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Technology has boosted office productivity fivefold since 1970s

Matthew Finnegan | Oct. 23, 2013
Centre for Economic and Business Research in UK puts a figure on productivity gains since mainframe era

Rapid adoption of technology in the workplace has transformed the way people work and led to significant gains in productivity, according to a Centre for Economic and Business Research (Cebr) report.

From 1970s mainframes through to personal computers and email in the 1990s and the more recent advent of mobile and cloud computing, information communication technology has changed dramatically in the past four decades.

Using data from the Office of National Statistics and EU KLEMS, the Cebr report, commissioned by o2 Business, showed that the labour productivity of workers has grown by 84 percent overall since the 1970s, while productivity directly related to ICT have grown by 480 percent.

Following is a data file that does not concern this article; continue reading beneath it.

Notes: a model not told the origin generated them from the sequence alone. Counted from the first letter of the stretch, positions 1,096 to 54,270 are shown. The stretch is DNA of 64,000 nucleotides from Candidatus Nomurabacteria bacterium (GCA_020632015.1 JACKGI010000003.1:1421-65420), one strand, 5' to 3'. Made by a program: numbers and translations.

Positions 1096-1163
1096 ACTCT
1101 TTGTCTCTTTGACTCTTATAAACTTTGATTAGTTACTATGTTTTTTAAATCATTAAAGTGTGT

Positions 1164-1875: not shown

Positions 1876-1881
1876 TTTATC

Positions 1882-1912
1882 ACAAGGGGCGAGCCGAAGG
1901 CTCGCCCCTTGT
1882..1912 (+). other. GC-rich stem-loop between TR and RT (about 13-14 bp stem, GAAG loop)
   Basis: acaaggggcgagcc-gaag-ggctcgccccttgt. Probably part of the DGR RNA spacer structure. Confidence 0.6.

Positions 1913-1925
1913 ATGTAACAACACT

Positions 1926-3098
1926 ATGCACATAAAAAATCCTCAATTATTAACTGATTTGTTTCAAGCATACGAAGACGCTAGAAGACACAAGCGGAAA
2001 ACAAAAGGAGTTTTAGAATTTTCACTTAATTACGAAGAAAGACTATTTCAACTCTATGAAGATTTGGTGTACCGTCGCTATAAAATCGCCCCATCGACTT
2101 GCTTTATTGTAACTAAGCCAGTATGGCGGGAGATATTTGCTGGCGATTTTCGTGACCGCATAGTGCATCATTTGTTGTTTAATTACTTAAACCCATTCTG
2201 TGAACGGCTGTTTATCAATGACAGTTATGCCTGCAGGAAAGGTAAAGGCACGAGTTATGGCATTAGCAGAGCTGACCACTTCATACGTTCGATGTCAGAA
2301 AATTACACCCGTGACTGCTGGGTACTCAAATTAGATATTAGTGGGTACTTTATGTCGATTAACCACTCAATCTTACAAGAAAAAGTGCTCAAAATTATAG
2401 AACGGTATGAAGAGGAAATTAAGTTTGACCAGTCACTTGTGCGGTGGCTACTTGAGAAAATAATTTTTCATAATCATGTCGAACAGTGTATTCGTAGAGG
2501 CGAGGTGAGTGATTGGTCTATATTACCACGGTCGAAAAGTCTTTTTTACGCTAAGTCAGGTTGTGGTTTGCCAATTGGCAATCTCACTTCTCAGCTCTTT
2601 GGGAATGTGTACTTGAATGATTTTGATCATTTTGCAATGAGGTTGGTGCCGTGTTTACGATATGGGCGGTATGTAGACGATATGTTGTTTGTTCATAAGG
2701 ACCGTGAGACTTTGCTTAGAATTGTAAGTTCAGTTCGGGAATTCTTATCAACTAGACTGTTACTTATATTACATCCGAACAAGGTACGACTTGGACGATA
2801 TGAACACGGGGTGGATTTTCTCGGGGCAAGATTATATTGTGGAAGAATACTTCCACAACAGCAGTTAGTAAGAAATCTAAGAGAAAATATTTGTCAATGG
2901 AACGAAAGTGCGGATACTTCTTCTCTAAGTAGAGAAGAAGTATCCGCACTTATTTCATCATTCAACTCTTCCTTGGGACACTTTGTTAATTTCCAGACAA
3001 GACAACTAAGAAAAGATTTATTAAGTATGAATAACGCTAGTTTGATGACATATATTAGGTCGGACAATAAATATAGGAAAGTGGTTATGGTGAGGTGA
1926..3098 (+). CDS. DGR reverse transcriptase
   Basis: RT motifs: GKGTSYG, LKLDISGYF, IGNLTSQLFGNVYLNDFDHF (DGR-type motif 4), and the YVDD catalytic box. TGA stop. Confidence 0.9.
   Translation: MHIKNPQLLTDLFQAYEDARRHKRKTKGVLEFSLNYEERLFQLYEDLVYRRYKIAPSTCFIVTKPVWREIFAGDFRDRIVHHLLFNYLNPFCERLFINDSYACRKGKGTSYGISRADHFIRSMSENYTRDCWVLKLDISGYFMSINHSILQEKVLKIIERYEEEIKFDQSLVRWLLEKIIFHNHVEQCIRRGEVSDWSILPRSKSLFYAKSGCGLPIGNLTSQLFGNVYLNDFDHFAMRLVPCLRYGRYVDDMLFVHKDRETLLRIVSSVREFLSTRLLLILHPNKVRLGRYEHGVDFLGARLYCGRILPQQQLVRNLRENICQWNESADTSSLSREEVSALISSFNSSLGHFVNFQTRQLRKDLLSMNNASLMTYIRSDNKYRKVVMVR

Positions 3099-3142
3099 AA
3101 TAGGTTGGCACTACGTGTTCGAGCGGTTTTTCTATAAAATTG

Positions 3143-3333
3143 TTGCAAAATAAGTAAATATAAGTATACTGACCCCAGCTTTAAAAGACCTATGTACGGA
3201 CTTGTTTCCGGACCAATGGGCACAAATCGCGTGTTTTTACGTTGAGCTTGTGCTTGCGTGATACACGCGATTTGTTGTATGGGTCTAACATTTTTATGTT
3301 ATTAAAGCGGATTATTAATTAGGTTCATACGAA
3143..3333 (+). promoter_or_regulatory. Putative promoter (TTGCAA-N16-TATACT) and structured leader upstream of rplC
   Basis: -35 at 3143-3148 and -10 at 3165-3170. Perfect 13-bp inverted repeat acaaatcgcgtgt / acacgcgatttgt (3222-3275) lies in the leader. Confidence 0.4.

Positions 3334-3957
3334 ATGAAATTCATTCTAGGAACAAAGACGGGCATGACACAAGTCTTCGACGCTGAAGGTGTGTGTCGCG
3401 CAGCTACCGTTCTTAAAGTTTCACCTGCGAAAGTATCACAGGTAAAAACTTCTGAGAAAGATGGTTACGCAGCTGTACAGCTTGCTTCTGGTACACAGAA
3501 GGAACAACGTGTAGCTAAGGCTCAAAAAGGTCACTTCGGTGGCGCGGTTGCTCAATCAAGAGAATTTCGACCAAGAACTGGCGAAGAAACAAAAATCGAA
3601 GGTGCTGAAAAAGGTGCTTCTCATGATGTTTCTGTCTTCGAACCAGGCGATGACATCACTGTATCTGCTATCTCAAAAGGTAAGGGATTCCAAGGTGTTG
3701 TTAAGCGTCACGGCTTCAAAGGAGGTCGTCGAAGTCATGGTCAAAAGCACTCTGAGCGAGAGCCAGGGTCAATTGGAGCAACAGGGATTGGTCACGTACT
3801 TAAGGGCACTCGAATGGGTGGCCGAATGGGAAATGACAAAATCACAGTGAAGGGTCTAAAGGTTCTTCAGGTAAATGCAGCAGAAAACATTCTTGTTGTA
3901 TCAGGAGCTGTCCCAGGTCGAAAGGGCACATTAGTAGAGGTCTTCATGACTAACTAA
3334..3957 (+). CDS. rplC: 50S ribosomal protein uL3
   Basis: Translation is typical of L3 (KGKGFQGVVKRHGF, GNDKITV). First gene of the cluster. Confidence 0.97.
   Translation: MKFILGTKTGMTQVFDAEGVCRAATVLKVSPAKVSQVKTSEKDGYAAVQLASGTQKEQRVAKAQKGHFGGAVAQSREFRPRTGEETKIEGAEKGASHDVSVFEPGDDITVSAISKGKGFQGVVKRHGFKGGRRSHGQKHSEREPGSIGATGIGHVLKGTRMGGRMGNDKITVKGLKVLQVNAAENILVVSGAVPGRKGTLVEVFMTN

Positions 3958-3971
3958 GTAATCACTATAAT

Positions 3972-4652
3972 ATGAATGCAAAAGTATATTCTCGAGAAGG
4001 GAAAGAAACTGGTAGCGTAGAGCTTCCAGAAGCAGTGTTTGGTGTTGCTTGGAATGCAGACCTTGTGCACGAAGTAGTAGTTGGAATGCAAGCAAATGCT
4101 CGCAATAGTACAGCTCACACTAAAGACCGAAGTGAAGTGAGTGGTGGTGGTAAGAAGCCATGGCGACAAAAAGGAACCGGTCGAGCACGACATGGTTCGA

Part of the reason for the increase in the impact of technology has been the cost, and therefore availability, of computing and communications devices. In 1980 a gigabyte of hard disk space would have cost £120,000 in today's money, while the capacity can now be bought for just 5p.

Cebr believes that continued advances in technology on offices will also result in further growth of 22 percent up to 2020. The research organisation devised an Individual Productivity Index that linked workforce productivity per hour with IT investment. Using the Index, the Cebr report predicts that ICT-related productivity will equal to £3.87 for every hour worked in 2020, or 12.4 percent of total productivity per hour.

"Productivity in the office has increased dramatically and a big contributor to that has been technology," said senior economist at Cebr, Colm Sheehy at the o2 Business Show Live event in London. "We see a huge trend in the growth in the contribution of ICT capital to the productivity of office workers, especially since the 1990s."

He said that the advent of faster broadband and mobile connectivity, along with the boom in tablet and smartphone devices will drive further improvements in productivity by enabling mobile and remote working.

"Tablet computers are the next step in this evolution. This means going mobile and being able to take your office mobile, and be as productive on the go as are you are in the office. By investing in these technologies in the future we can continue to advance productivity, which means businesses can increase revenues and grow."


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